In denying the right they usurp of exclusively explaining the constitution, I go further than you do, if I understand rightly your quotation from the Federalist, of an opinion that "the judiciary is the last resort in relation to the other departments of the government, but not in relation to the rights of the parties to the compact under which the judiciary is derived." If this opinion be sound, then indeed is our constitution a complete felo de se. For intending to establish three departments, co-ordinate and independent, that they might check and balance one another, it has given, according to this opinion, to one of them alone, the right to prescribe rules for the government of the others, and to that one too, which is unelected by, and independent of the nation. For experience has already shown that the impeachment it has provided is not even a scarecrow; that such opinions as the one you combat, sent cautiously out, as you observe also, by detachment, not belonging to the case often, but sought for out of it, as if to rally the public opinion beforehand to their views, and to indicate the line they are to walk in, have been so quietly passed over as never to have excited animadversion, even in a speech of any one of the body entrusted with impeachment. The constitution, on this hypothesis, is a mere thing of wax in the hands of the judiciary, which they may twist, and shape into any form they please. It should be remembered, as an axiom of eternal truth in politics, that whatever power in any government is independent, is absolute also; in theory only, at first, while the spirit of the people is up, but in practice, as fast as that relaxes. Independence can be trusted nowhere but with the people in mass. They are inherently independent of all but moral law. My construction of the constitution is very different from that you quote. It is that each department is truly independent of the others, and has an equal right to decide for itself what is the meaning of the constitution in the cases submitted to its action; and especially, where it is to act ultimately and without appeal. I will explain myself by examples, which, having occurred while I was in office, are better known to me, and the principles which governed them.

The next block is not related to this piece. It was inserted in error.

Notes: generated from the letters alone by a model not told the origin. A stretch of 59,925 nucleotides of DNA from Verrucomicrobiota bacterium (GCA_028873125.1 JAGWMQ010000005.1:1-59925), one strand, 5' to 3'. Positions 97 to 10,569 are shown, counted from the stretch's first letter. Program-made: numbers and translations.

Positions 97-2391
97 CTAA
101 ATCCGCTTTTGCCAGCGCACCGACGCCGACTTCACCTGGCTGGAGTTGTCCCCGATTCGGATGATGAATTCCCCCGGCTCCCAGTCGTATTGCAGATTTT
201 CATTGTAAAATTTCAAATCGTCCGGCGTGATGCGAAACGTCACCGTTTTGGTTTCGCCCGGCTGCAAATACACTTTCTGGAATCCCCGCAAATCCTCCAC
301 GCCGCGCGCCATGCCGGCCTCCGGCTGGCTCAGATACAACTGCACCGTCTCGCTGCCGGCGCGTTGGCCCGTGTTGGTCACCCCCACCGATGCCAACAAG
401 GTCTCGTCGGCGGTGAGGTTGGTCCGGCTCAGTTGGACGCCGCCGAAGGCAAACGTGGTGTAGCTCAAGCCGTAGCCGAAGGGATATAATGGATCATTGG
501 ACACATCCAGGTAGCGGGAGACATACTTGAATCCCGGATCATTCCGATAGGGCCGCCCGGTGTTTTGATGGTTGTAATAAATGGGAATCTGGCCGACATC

A legislature had passed the sedition law. The federal courts had subjected certain individuals to its penalties of fine and imprisonment. On coming into office, I released these individuals by the power of pardon committed to executive discretion, which could never be more properly exercised than where citizens were suffering without the authority of law, or, which was equivalent, under a law unauthorized by the constitution, and therefore null. In the case of Marbury and Madison, the federal judges declared that commissions, signed and sealed by the President, were valid, although not delivered. I deemed delivery essential to complete a deed, which, as long as it remains in the hands of the party, is as yet no deed, it is in posse only, but not in esse, and I withheld delivery of the commissions. They cannot issue a mandamus to the President or legislature, or to any of their officers.1 When the British treaty of------ arrived, without any provision against the impressment of our seamen, I determined not to ratify it. The Senate thought I should ask their advice. I thought that would be a mockery of them, when I was predetermined against following it, should they advise its ratification. The constitution had made their advice necessary to confirm a treaty, but not to reject it. This has been blamed by some; but I have never doubted its soundness.

    1. The constitution controlling the common law in this particular,--T. J.

Comments

crossbard
crossbard's picture
On Thursdays show you talked

On Thursdays show you talked about the false sense of freedom that the Libertarians promote to gain support. You compared their plan for small government/big army to some country and pointed out what kind of mess they are in. What country was that?